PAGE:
Miami Prosecutor Blames DeFede TV Investigation for Mass Shooting
Just before 5 p.m. this past Sunday, a Chevy Monte Carlo rolled up before a
squat, one-story house in Liberty City. Someone inside the car pulled out an AK-47 and
opened fire on a group of young men in the front yard, wounding five.
The drive-by was especially significant because it followed an even more violent
attack. The house that was strafed Sunday belongs to the family of Brandon
Mills, a 16-year-old who was killed along with an 18-year-old
acquaintance, Derrick Gloster, in January. An AK-47-wielding gunman fatally shot the
two and wounded seven more at a street corner craps game a few blocks from
Police are still looking for the connection between the two shootings.
But the prosecutor working on the January case -- a veteran of the
Miami-Dade State Attorney's Office -- says he believes the latest attack was
spurred by a news
story by reporter Jim DeFede that aired Thursday on CBS4. Based on a
description by an anonymous source, it clearly showed the family's address and
criticized witnesses for not coming forward. "It is my personal opinion that
this [Sunday's] shooting was triggered by the DeFede piece," says Michael Von Zamft, an assistant state attorney. "Certainly that cannot be ruled out."
The first attack took place just
before 10 p.m. January 23 on the corner of NW 70th Street and 15th Avenue. A
group of more than 30 people -- many teenagers from nearby Northwestern High
School -- was rolling dice in front of a small market when a man pulled out an
assault rifle and ordered everyone to lie on the ground. He opened fire when
people began running, and a second gunman hiding around the corner added to the
carnage. Both Mills and Gloster were shot in the head and died on the
Months of appeals from police and community leaders -- including
the Rev. Al Sharpton, who made a special appearance -- haven't led to an arrest
in the case.
That's where DeFede's
story comes in. The former New Times and Miami Herald
columnist, now an Emmy-winning television personality, reported last
Thursday in a five-minute broadcast about a possible motive in the January assault.
His piece claimed police have linked that shooting to Gloster, the
18-year-old victim. Gloster had allegedly killed a 21-year-old aspiring rapper
named Neo Brown a few days earlier, on Martin Luther King Day. According to
DeFede's account, Brown's friends shot up the craps game and killed Gloster as
DeFede included several quotes from a woman who claimed to have been
with Neo Brown when he was murdered. The woman, whom DeFede interviewed on
camera anonymously without showing her face, first said Gloster was the
killer. Later in the piece, she backtracked and said she was not positive who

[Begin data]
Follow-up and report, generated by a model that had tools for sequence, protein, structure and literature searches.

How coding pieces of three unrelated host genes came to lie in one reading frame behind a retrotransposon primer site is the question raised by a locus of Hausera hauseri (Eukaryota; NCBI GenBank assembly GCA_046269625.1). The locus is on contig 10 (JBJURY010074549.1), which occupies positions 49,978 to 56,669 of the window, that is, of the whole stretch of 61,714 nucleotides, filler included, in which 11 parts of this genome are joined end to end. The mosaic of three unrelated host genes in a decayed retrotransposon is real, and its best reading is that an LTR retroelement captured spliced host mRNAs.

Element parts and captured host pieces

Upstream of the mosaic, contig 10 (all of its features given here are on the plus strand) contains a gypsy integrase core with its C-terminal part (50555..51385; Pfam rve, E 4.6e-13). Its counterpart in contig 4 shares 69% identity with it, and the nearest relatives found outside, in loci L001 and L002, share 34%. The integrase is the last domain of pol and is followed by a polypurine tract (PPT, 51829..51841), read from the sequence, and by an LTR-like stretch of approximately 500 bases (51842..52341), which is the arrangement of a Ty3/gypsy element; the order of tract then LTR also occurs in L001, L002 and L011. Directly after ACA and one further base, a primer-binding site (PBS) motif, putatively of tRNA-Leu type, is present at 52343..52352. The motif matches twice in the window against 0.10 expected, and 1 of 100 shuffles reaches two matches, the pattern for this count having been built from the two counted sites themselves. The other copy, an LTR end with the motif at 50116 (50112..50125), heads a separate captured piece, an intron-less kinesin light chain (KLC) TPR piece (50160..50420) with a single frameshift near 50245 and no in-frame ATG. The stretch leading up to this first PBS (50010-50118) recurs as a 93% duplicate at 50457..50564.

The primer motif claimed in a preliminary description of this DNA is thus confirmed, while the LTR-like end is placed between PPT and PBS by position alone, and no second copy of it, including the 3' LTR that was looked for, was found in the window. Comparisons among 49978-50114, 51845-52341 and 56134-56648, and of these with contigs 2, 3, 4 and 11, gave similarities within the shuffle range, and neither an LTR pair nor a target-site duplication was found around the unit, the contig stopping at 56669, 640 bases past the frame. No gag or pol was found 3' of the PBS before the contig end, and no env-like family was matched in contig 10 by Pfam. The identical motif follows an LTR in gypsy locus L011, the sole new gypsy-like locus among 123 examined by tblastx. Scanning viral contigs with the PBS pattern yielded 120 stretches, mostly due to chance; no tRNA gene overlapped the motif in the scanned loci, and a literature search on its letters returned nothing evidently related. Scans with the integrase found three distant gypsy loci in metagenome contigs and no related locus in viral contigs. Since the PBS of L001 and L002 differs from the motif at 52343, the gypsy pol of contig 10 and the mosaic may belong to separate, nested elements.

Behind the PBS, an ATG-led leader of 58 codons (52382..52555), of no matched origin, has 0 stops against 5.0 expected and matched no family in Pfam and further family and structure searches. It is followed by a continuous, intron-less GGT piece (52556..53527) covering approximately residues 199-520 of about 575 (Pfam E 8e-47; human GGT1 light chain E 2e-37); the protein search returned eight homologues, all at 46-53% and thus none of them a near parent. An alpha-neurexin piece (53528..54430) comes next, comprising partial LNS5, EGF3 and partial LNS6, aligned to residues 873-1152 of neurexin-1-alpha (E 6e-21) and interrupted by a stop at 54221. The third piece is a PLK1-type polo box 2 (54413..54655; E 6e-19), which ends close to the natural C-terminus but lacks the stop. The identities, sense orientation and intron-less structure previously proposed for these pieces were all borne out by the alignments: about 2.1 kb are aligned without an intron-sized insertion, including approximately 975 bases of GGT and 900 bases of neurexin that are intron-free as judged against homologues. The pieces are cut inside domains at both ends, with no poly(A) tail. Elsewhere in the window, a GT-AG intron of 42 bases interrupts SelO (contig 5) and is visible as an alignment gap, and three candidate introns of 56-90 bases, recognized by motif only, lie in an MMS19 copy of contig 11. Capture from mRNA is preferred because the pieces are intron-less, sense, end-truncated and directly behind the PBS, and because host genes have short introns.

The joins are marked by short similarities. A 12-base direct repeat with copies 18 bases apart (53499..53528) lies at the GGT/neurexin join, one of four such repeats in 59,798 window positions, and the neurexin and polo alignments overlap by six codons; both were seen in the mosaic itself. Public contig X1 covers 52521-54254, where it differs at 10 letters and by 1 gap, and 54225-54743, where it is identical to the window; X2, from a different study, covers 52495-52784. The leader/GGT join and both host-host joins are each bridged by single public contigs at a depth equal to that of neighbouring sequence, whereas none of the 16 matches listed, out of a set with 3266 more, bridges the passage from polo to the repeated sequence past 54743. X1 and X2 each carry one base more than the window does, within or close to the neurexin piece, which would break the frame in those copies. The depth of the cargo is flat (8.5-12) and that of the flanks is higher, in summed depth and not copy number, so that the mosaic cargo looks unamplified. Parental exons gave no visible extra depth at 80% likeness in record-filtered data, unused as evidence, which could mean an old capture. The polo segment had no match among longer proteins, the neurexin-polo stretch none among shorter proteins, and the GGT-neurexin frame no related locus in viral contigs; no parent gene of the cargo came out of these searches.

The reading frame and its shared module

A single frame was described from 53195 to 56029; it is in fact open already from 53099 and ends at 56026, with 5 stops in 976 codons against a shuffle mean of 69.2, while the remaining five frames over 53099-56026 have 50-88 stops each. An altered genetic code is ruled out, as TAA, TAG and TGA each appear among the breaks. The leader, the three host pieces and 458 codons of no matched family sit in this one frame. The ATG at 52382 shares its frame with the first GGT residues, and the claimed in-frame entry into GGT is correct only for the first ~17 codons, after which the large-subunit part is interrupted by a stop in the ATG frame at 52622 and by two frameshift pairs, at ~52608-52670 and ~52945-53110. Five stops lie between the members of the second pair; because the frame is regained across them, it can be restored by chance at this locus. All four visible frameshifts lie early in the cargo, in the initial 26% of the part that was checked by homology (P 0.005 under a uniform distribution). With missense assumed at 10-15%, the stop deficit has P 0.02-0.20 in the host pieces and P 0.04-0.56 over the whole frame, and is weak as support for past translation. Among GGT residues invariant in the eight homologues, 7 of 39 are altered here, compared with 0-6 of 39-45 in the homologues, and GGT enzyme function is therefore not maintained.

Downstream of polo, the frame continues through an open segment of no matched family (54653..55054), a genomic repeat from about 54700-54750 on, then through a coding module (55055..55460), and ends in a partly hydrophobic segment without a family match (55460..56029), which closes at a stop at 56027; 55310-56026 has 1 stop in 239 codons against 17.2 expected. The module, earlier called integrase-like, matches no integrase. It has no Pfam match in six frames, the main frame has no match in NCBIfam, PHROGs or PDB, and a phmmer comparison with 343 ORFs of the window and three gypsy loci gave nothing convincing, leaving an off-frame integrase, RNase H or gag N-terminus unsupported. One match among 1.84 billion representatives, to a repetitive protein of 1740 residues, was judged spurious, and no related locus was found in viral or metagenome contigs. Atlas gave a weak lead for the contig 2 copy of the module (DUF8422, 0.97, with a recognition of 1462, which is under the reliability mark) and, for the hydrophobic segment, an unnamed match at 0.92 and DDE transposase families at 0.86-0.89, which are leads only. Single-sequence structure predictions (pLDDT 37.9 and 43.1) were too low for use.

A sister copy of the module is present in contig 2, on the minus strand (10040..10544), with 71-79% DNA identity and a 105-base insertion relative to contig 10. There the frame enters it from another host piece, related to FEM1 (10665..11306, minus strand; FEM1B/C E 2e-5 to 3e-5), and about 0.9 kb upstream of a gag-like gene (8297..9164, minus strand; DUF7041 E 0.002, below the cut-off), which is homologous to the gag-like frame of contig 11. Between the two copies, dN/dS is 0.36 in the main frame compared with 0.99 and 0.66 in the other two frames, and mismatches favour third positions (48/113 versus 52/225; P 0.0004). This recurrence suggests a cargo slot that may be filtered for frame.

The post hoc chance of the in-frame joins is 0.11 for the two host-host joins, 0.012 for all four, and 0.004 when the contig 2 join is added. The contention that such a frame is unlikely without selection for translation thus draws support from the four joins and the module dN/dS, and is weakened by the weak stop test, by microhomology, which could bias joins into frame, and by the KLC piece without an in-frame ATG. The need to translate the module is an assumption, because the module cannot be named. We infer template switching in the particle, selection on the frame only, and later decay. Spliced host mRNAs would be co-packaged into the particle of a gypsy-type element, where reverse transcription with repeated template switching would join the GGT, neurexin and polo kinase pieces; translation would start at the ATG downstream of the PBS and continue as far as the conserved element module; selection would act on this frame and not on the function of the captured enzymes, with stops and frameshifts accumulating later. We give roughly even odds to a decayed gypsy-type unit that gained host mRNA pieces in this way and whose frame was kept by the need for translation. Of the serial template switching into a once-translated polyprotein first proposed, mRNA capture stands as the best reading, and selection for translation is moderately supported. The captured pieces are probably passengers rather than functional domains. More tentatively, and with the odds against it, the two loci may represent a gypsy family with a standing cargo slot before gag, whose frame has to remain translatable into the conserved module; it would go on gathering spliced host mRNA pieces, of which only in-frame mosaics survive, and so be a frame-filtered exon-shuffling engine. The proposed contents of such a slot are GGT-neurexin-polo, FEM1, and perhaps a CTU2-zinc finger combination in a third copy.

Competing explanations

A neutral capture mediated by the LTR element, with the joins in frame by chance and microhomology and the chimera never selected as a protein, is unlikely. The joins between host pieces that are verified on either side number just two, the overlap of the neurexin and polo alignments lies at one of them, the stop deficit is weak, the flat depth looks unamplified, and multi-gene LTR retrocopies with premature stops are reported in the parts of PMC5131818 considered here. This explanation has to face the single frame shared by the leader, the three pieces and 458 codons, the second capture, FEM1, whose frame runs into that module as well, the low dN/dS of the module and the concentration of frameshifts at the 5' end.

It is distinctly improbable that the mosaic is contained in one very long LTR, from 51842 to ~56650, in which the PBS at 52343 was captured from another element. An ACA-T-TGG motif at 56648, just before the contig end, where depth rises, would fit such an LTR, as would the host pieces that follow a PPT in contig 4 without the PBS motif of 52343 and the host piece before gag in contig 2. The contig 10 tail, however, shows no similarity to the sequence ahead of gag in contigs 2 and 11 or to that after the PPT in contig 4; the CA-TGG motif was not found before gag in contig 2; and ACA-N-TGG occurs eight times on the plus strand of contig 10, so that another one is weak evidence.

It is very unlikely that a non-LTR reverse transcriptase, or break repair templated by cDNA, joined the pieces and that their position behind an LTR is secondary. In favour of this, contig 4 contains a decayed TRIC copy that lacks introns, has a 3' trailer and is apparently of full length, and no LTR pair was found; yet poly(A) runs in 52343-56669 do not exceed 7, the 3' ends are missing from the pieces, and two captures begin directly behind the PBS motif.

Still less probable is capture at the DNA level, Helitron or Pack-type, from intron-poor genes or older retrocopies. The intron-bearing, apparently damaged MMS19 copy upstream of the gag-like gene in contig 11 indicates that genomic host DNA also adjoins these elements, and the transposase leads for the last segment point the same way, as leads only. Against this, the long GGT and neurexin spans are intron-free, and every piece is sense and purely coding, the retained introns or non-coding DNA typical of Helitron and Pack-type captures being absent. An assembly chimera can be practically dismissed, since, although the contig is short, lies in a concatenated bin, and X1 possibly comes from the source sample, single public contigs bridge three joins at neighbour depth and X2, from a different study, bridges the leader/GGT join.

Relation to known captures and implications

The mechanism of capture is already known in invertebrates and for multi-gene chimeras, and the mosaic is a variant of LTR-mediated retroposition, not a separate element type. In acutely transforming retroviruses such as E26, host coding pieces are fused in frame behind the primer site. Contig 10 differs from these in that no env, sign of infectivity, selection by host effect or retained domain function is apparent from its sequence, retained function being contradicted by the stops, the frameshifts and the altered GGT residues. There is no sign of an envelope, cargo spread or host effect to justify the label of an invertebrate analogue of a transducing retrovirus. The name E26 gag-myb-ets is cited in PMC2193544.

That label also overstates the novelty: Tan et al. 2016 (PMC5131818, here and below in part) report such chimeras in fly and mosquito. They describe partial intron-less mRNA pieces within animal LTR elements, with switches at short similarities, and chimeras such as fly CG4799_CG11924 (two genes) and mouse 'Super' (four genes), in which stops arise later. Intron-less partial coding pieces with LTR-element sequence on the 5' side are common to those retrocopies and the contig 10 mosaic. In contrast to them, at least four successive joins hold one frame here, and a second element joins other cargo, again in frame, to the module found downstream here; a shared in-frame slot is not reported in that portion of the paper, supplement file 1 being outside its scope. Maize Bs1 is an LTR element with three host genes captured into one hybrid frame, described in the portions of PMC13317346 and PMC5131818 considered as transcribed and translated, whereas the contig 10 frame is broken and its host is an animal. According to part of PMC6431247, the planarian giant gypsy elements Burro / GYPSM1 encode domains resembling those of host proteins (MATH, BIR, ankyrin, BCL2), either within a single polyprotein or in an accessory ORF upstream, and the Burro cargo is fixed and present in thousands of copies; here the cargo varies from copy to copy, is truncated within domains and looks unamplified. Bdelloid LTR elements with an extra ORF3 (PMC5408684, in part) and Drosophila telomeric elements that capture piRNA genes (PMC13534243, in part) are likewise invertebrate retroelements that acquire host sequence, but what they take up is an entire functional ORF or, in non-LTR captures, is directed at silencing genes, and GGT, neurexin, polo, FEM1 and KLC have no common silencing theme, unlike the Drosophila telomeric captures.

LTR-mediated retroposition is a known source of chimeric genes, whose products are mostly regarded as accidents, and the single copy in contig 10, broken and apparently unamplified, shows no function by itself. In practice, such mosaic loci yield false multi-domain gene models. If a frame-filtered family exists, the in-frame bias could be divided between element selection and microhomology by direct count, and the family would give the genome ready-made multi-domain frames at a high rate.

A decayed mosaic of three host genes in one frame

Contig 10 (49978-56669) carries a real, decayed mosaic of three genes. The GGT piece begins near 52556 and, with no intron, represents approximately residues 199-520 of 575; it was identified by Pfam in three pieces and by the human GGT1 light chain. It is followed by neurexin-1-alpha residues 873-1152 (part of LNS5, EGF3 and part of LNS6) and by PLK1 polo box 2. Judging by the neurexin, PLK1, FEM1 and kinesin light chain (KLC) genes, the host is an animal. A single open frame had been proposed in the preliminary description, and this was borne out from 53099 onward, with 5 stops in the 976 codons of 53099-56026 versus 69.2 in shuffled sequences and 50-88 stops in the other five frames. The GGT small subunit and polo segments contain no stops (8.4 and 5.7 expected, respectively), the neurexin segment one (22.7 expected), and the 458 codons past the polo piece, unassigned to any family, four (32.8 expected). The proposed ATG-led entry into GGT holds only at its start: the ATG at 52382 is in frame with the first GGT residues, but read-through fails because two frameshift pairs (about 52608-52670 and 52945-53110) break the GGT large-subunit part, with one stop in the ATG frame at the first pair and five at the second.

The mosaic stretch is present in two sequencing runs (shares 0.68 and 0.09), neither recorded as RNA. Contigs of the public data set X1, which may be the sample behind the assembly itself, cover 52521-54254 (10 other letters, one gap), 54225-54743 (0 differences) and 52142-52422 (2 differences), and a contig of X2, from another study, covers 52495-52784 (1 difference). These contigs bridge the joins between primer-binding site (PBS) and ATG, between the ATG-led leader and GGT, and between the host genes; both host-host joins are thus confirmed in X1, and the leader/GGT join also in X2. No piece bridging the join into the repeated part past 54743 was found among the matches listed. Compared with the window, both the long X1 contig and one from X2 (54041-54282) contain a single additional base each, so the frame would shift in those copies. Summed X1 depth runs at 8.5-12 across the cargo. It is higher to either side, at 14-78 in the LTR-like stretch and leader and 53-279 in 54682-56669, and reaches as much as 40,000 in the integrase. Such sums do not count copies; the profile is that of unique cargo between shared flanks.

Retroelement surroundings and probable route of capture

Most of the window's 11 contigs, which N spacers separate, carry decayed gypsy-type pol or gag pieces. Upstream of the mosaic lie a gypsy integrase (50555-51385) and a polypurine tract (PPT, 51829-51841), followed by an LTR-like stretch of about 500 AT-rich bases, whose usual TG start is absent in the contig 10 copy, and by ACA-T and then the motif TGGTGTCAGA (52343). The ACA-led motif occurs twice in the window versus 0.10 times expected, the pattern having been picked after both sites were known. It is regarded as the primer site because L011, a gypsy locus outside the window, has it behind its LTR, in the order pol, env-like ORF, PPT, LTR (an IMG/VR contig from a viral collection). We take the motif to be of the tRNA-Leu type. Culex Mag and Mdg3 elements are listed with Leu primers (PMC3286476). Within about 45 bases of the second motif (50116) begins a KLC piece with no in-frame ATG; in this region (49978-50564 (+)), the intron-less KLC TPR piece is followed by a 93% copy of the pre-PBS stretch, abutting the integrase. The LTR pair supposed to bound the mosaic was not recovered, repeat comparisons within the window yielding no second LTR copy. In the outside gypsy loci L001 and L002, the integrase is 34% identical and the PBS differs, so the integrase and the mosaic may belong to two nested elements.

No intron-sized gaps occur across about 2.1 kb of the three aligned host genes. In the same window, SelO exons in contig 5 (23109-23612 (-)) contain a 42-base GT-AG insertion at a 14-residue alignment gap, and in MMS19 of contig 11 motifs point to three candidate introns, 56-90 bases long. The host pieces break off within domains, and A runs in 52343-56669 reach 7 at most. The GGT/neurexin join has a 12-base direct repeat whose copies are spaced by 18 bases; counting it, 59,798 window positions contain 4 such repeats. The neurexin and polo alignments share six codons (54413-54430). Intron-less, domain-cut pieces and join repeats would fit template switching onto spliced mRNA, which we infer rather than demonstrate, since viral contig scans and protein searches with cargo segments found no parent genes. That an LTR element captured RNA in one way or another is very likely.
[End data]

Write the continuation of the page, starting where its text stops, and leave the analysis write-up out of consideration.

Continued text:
The report also included an interview with victim Mills's mother,
Lasonya, in front of her home. Her address was visible in at least one shot.
Lasonya Mills criticized her neighbors for not coming forward with more
information and the police for not keeping her informed in the case. She
predicted there "will be more shootings."
Von Zamft, an
assistant state attorney who has prosecuted some of the area's most high-profile
murders, believes DeFede made the family a target by basing his story on the
anonymous woman's account. He also criticizes the newsman's decision to link Brandon
Mills's family to the source's claims by including them in the same story, and
for showing Lasonya Mills's face.
In Von Zamft's view, airing a
controversial but unproven theory about the attacks, coupled with Lasonya Mills's interview in front of her home, led to the retaliatory attack Sunday. He
carefully chooses his words and encourages the community not to be intimidated:
"There are people out there who know who did this shooting," he says. "But
we're talking here about the community at large not wanting to be branded a
snitch. People shouldn't want to watch people get shot and dying and not help
Police haven't released much information about the latest
attack, except that they're looking for a gray or silver Monte Carlo and two
suspects who might be black males. The lead detective didn't return calls to
comment about Von Zamft's statements. All five victims in the latest shooting have
been treated and released from the hospital.
When contacted by New
Times, DeFede declined to comment. He promised to call back later.
this post, he hadn't responded.
A spokesman from CBS4 just called to refer us to a column DeFede has posted online responding to the latest attacks.
DeFede doesn't directly address Von Zamft's statements, though he does say "the shooting may very well have been prompted by my story."
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